Do you have any new features planned?
Can't stop thinking about them ;)
You allow people to export an amazing amount of data, but mostly in a spreadsheet basis on a per site basis. Have you thought about creating a web based or desktop interface where people can do advanced analysis?
We offer a web based interface to all this data with ability to quickly export it using CSV format.
For example, what if I wanted to know pages (or sites) that were linking to SearchEngineWatch.com AND SearchEngineLand.com but NOT linking to SeoBook.com AND have a minimum AC rank of 3 AND are not using nofollow. Doing something like that would be quite powerful, and given that you have already done the complex crawl I imagine adding a couple more filters on top should be doable. Another such feature that would be cool would be adding an Optilink-link anchor text analysis feature which allows users to break down the anchor text percentages.
We do have powerful options that enable our customers to slice and dice data in many ways, such as excluding backlinks marked as nofollow or only showing such backlinks, this applies to single domain analysis however, but something like what you describe in your example of interdomain linking will be possible soon.
Have customers shared with you creative ways to use Majestic SEO that you have not yet thought of?
We get good customer feedback and often implement customer requested features to make data analysis easier. As for new creative ways our customers prefer to keep them to themselves, but once you look at the data you might see one or two good strategies on how to use it. ;)
How big of an issue is duplicate content while crawling the web? How do you detect and filter duplicate content?
It is a very big issue for search engines (and thus us) as many pages are duplicate or near duplicate of each other, with very small changes that make it hard to detect them. We do not currently detect such pages (we crawl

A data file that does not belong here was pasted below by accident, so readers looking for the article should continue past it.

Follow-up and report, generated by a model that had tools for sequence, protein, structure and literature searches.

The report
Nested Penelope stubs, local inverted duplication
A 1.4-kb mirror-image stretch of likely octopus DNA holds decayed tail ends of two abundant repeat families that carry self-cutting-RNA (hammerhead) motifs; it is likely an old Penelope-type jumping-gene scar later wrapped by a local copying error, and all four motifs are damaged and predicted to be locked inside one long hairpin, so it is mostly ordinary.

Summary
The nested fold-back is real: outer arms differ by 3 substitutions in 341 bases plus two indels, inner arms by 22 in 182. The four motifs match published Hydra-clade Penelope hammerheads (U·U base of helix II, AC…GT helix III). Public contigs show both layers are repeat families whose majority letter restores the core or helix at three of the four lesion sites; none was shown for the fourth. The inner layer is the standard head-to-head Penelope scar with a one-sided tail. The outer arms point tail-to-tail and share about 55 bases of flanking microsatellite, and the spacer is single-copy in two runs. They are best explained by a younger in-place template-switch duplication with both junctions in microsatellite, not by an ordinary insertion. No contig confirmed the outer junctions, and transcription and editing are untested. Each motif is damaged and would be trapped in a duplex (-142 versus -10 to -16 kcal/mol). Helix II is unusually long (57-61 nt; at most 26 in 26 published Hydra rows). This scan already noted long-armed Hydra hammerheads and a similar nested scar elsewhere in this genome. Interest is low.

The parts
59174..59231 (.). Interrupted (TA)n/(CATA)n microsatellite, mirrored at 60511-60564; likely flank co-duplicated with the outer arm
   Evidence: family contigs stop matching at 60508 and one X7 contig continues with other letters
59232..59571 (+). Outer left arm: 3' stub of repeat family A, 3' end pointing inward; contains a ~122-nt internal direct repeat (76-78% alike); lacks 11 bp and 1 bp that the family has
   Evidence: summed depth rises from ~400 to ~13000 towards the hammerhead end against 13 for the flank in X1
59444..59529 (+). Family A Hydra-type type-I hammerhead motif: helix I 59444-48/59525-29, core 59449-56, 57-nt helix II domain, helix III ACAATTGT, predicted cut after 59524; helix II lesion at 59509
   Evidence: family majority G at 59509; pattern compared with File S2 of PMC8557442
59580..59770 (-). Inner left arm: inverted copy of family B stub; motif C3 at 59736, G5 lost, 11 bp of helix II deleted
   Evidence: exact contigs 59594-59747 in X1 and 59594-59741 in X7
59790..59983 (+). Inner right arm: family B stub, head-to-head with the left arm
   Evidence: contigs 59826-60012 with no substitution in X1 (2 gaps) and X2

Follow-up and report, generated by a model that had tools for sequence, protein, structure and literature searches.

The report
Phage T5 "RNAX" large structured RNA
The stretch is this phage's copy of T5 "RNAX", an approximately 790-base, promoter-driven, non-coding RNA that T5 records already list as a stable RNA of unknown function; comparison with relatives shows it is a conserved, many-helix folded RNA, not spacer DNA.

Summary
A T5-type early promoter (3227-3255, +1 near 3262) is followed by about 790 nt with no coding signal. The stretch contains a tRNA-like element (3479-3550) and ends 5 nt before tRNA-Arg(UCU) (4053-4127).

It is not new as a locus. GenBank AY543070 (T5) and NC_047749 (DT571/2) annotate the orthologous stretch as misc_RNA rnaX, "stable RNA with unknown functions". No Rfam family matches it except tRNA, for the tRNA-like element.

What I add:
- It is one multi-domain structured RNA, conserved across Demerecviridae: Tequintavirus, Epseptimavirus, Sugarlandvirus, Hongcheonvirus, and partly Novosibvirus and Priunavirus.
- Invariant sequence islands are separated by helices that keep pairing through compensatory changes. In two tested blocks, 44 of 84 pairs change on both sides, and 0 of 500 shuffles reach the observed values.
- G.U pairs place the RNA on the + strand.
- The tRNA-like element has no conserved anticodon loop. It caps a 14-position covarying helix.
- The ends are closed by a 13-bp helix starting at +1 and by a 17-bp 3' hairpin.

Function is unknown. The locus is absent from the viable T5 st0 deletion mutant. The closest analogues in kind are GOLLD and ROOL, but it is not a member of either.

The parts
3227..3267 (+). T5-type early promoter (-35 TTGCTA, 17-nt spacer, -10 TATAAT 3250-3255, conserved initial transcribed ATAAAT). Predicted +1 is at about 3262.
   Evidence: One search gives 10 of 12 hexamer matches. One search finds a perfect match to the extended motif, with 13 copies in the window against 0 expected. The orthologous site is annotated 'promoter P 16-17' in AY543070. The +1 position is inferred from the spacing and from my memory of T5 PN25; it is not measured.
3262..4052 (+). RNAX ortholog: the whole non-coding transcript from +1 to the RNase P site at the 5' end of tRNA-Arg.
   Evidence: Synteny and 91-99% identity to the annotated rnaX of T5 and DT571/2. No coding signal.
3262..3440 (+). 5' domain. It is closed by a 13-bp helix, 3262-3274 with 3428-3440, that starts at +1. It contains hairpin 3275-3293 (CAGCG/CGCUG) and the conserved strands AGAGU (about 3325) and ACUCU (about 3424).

pretty much everything) though we have a good idea how to do it and will implement it soon. Our reports tend to show data ordered by importance of the backlink, so often it is not an issue though it depends on backlinking profile of a particular site.
A lot of links are rented/bought, and many of these sources get filtered by Google. Does your link graph take into account any such editorial actions? If not, what advice would you give Majestic SEO users when describing desirable links vs undesirable ones?
At the moment our tools report factual information on where backlinks were found, we do not currently flag links as paid or not. This is something that humans are good with and computer algorithms ain't - that's why Google hates such paid links so much. We do have some ideas however on how to detect topically relevant backlinks (paid would usually come from irrelevant sites) - it's coming soon and might actually turn up to be a ground breaking feature!
Microsoft has done research on BrowseRank, which is a system of using usage data to augment or replace link data. Do you feel such a system is viable? If search engines incorporate usage data will links still be the backbone of relevancy algorithms?
BrowseRank is a very interesting concept, though we are yet to see practical implementation on large scale web engine. I don't think such system obsoletes link data at all, in fact it is based on link data just like PageRank only it allows to detect the most relevant outgoing links on a page, essentially such votes should be given more weight in PageRank-like analysis. For example imagine that this very interview page is analysed using BrowseRank and it finds that the following cleverly crafted link to Majestic-SEO homepage is clicked a lot, then such link could be judged as the real vote that this page gives out!